Ian Paterson: And hardware is usually really, really secure. As a general rule, if you’re using hardware tokens or if you have a YubiKey, for instance. Like those are great solutions. The challenge is you actually want to roll out multi-factor authentication to more places than you can realistically expect users to do MFA. And so what happens is, and we’ve seen this with some of our customers and other organizations that we work with, they’ll purchase an MFA solution, they’ll integrate it in one or two points and then the rest of the interaction with users is left unprotected because they can’t get over the pushback from their end users to say, “Look, you can’t really expect to slow me down for five seconds, eight times a day, just so that I can log in securely.”
Ian Paterson: And so what we do is we come in and say, “Look in some cases, use hardware.” If you’re wiring $10 million, I would suggest that you probably want hardware in there to make sure that it’s the right person. But if it’s a… If it’s a manager who’s approving a small change or if it’s a lower risk transaction, is there a way that we can balance that convenience and security aspect? And so what we do is we look at your login and password, which you’re already, for the most part, doing today, we look at how you type in your login and password as a form of behavioral biometrics, and then we also use things like your location.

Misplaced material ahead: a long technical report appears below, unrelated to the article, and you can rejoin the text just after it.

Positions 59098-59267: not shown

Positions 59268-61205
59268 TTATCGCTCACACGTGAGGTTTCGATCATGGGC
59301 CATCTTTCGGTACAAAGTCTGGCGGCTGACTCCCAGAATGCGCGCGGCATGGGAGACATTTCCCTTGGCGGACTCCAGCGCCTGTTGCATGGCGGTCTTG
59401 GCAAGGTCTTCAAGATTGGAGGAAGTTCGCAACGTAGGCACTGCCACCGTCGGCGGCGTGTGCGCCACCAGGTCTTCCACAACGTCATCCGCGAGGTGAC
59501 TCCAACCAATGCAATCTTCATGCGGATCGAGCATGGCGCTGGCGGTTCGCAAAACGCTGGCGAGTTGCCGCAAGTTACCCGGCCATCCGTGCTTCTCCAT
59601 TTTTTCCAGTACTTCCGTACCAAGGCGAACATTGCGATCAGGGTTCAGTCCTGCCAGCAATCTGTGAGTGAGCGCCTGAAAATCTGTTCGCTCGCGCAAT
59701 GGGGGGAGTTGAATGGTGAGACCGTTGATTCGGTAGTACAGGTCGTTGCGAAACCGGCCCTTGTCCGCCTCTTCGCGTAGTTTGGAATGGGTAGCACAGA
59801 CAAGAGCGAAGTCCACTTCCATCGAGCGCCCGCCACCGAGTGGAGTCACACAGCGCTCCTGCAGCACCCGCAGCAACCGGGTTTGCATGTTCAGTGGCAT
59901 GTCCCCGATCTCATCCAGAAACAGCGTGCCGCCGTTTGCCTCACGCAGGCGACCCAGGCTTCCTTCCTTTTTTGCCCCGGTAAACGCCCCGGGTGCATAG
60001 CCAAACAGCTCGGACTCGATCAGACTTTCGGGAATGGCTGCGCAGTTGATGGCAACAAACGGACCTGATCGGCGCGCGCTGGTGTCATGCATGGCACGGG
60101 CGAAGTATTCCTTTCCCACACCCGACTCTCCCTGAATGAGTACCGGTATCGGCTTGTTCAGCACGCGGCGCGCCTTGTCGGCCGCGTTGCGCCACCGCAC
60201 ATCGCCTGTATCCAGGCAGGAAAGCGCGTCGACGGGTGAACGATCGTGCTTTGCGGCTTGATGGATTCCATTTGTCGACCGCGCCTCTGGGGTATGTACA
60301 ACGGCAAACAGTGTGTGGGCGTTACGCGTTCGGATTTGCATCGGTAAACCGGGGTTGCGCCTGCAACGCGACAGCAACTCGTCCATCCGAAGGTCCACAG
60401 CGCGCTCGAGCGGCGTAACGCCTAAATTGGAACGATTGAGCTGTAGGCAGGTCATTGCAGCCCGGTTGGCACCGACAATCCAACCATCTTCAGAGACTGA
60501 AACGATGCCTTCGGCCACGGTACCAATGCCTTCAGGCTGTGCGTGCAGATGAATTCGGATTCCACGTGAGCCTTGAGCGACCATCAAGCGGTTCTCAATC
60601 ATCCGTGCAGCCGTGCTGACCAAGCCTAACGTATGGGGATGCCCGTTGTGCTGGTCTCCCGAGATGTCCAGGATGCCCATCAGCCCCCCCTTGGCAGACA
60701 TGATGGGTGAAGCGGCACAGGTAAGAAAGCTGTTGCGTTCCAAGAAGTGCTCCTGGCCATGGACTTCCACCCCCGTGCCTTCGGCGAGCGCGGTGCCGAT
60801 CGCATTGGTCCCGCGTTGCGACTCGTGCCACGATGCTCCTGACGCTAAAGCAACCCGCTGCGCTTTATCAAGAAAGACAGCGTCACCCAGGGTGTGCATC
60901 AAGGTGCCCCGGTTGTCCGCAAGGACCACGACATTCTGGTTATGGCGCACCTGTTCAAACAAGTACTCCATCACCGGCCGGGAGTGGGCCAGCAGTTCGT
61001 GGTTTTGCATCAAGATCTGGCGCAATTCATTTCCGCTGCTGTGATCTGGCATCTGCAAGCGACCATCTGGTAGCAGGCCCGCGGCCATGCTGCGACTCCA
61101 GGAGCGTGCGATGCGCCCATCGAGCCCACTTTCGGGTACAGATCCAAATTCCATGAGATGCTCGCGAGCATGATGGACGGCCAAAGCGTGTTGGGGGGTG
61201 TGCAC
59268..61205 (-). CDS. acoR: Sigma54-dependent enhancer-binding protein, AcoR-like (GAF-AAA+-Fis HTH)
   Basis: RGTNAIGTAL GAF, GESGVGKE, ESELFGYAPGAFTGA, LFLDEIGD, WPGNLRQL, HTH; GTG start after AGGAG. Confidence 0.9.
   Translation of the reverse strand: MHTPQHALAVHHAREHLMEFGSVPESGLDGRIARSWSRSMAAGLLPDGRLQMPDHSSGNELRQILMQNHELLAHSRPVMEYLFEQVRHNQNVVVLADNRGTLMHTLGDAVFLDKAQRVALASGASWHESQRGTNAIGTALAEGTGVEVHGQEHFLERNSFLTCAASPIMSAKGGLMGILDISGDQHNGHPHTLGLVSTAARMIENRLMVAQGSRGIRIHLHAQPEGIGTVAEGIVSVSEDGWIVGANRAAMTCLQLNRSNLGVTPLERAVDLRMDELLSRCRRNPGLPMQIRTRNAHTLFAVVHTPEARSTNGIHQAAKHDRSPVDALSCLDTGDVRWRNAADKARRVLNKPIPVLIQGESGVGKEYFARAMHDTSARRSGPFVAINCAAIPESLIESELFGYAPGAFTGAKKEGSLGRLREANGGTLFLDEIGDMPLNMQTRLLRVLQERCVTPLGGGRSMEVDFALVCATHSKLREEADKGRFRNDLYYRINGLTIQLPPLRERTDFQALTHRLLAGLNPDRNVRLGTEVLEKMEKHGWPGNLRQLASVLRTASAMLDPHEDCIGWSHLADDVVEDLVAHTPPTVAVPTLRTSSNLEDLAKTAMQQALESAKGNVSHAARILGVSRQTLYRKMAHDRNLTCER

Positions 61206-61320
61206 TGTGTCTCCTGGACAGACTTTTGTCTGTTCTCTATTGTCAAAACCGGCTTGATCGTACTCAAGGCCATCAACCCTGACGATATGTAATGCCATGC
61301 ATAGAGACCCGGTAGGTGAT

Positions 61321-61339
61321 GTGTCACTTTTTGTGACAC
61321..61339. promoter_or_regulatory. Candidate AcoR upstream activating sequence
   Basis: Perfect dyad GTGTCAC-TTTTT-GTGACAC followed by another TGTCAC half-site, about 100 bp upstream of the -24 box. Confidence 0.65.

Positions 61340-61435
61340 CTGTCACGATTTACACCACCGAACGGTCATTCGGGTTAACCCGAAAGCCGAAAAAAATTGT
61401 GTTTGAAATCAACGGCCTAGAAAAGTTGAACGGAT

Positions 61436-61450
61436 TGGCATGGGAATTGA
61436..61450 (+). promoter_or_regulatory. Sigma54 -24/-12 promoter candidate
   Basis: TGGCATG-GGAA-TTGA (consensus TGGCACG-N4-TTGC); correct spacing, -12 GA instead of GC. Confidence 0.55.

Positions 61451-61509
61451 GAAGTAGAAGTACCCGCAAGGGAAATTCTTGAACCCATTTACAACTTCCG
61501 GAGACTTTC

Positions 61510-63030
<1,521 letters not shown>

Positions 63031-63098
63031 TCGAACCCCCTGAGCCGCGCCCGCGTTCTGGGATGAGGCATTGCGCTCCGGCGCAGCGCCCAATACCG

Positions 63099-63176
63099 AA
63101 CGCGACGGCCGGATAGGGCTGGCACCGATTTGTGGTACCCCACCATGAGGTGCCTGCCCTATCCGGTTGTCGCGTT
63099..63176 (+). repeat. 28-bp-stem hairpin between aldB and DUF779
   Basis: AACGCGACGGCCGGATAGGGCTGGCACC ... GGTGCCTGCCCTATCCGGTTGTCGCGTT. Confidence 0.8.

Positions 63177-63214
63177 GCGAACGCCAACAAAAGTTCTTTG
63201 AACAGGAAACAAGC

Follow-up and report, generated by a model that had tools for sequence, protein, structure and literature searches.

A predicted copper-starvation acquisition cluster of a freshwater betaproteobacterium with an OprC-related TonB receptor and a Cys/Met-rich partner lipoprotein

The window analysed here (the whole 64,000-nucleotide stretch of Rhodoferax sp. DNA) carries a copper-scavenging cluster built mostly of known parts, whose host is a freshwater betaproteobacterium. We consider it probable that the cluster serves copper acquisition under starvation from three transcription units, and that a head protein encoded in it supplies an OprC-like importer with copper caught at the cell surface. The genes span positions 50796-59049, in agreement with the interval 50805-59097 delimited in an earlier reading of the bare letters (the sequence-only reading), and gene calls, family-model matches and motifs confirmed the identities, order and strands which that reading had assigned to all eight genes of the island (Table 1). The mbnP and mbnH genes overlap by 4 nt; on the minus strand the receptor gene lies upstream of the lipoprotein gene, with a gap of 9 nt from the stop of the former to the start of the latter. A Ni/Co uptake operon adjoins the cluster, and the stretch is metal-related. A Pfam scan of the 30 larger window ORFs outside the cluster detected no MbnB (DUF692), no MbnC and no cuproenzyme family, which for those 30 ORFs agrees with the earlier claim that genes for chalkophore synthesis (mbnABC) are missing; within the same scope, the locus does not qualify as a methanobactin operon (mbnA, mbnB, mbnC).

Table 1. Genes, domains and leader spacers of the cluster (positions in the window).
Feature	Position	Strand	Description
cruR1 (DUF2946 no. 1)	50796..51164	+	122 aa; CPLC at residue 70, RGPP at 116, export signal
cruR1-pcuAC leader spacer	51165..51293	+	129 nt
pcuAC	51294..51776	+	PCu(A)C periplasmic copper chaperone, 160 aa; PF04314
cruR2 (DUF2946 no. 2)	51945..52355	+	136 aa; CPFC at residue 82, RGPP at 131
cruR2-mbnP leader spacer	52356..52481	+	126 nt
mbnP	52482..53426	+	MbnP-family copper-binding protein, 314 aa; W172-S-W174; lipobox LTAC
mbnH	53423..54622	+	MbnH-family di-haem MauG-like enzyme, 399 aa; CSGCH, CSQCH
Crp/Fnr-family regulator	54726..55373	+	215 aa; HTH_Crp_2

Ian Paterson: So have we seen you log in from the same location in the past. Rather than geo-fencing, we’ll actually do things like the impossible travel problem. So we’ll look at your last known good login, we’ll compute the time that it would have taken you to travel from point A to point B, where you’re currently logging in from, and say that if it’s physically impossible for you to travel from point A to point B, probably there’s something suspicious, right? So it’s all about flexibility. We don’t pre-configure very much, but we’re really looking at risk factors to know whether we need to pause the authentication and ask you for the hardware that you already have or just let you through.
Tom Eston: What about privacy and mass surveillance concerns with biometric-based multi-factor authentication?
Ian Paterson: So, personal privacy and biometrics is a hot topic. I think where we’re seeing those is that there’s more consumer demand and acceptance for forms of biometrics. And I think you only need to look at what Samsung and Apple are doing, and actually Microsoft Surface is for that matter, as well, where they’re trying to balance the use of biometrics, like your thumb print or facial recognition, with the convenience that that offers.
Ian Paterson: Now, the other angle to this, is that biometrics are not foolproof, in the same way that passwords are not foolproof. There’s no silver bullet here anywhere. But biometrics can be a useful tool when you’re talking about defense in depth. And what we’re seeing is that consumers are interacting with those technologies more and so as a result have a greater acceptance for how they can be used and how they can benefit them.